In the final hours before the six-county Shelter in Place order came into effect in Northern California, signs went up, people gathered for last drinks, and the homeless tried to find warm places to sleep. Here are some scenes from San Francisco’s Mission District and the Castro, just before the order came into force.
Cliff’s Variety is a hardware and home goods store which has a cornerstone of the Castro area of San Francisco, even since before it was know as a haven to the gay community. Hardware stores will remain open, but many are limiting their hours and the number of people who can be in the store at any one time.
A San Francisco city worker disinfects a public bathroom late at night in the Castro area. Homelessness is prevalent in the area, and many homeless people rely on these public bathrooms for health and safety.
Orphan Andy’s, a diner in the Castro, shuts its doors following the Shelter in Place order.
The Purple Star cannabis dispensary serving customers lining up out the door as people prepare to hunker down in San Francisco’s Mission District.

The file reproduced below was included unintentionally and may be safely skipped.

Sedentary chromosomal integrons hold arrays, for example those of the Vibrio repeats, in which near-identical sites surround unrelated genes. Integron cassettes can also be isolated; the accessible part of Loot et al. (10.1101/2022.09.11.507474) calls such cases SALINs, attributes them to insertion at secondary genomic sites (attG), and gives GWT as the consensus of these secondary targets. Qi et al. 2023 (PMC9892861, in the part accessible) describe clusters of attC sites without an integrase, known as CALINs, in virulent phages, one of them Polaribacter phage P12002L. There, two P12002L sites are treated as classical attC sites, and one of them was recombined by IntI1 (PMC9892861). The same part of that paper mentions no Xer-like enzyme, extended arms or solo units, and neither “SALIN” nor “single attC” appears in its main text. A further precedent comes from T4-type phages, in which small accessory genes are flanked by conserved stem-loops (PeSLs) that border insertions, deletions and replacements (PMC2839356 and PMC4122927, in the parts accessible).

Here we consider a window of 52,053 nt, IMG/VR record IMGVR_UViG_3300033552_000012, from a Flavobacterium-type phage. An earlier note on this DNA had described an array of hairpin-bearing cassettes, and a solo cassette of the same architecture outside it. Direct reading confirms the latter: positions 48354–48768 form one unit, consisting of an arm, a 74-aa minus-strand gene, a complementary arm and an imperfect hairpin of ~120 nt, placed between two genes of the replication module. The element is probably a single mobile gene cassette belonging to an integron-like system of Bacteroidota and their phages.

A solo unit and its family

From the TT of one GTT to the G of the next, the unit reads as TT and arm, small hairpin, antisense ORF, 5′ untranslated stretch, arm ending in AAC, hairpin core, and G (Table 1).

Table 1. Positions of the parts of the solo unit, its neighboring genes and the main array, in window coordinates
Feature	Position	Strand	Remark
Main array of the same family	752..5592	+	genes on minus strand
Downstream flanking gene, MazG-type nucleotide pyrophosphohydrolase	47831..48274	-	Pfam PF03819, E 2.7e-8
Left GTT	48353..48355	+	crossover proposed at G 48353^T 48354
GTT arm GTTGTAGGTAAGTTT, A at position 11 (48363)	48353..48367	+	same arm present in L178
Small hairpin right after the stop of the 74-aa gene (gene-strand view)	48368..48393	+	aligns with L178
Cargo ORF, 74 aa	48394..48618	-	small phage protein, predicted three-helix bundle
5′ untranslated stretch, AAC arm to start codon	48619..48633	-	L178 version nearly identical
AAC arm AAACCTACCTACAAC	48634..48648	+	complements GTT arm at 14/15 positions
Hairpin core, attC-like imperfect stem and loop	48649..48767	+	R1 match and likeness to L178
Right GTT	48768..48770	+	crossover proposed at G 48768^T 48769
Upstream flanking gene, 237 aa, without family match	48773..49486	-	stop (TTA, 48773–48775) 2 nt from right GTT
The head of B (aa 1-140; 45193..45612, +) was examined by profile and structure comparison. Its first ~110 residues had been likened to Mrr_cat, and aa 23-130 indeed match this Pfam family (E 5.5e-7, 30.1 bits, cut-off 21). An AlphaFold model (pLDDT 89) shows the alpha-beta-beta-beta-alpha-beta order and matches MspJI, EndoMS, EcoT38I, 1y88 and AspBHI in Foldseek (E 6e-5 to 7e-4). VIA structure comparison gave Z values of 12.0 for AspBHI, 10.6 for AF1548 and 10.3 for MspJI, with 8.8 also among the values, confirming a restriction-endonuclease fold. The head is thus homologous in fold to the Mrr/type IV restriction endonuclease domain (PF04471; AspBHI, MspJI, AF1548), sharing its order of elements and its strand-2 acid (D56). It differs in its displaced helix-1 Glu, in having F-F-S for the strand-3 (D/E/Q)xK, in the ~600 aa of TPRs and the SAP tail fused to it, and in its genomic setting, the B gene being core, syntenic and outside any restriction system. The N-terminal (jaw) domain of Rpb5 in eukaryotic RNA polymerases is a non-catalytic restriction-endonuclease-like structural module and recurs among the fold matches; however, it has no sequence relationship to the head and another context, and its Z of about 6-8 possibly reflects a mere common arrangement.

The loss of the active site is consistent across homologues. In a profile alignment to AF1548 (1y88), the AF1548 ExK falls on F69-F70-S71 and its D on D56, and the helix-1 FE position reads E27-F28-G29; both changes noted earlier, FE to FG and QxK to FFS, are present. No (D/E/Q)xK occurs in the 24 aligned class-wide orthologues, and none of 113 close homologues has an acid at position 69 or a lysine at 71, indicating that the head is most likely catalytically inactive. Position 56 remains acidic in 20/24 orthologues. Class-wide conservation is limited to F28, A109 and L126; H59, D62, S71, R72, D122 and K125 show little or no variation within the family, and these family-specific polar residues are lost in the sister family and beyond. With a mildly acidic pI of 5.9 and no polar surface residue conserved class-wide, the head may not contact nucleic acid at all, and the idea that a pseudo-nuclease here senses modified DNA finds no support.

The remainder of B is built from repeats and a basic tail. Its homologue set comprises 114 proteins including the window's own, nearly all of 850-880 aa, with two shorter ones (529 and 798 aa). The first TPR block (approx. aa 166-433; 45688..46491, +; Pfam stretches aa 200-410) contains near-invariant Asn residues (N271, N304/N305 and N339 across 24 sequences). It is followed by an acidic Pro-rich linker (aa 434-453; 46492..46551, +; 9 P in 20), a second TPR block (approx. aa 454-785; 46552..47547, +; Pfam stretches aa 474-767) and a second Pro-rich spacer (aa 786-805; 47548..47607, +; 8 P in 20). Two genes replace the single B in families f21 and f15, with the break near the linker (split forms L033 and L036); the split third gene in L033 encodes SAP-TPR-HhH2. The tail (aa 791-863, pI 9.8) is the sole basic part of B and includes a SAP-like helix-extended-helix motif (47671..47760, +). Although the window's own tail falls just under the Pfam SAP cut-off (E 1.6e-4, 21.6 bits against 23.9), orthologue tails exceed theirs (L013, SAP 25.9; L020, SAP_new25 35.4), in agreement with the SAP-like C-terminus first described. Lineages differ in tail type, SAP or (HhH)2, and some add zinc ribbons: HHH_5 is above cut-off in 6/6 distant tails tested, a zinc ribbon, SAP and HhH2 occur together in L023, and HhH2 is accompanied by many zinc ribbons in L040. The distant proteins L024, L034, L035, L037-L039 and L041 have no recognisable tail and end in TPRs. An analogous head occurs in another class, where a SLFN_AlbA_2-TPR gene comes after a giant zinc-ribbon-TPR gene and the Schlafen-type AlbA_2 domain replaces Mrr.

A Mission District PrEP clinic is closed by the Covid-19 Shelter in Place order, putting people in the community more at risk for HIV transmission. PrEP stands for Pre-Exposure Prophylaxis, and is often given to people at high risk of exposure to HIV, like injection drug users, mixed status couples, and sex workers. PrEP therapies are highly effective at stopping the transmission of the virus, but only if taken daily.
Markets are changing their hours and controlling access, trying to clean and stock shops while keeping their employees and customers safe.
A homeless man in a wheelchair makes his way along a dead-end street next to the 16th and Mission BART station in San Francisco. Having nowhere to go, the homeless are exempt from the Shelter in Place order. Governor Newsom of California has begun securing hotel rooms to bring the homeless inside, but it’s a fraction of what’s needed to help with the enormous homeless population of the Bay Area.
Two bins in front of a salon in the Castro area of San Francisco protect a homeless sleeper. Salons won’t be among the essential services that can remain open under the Shelter in Place order, and their workers rarely have any form of paid time off.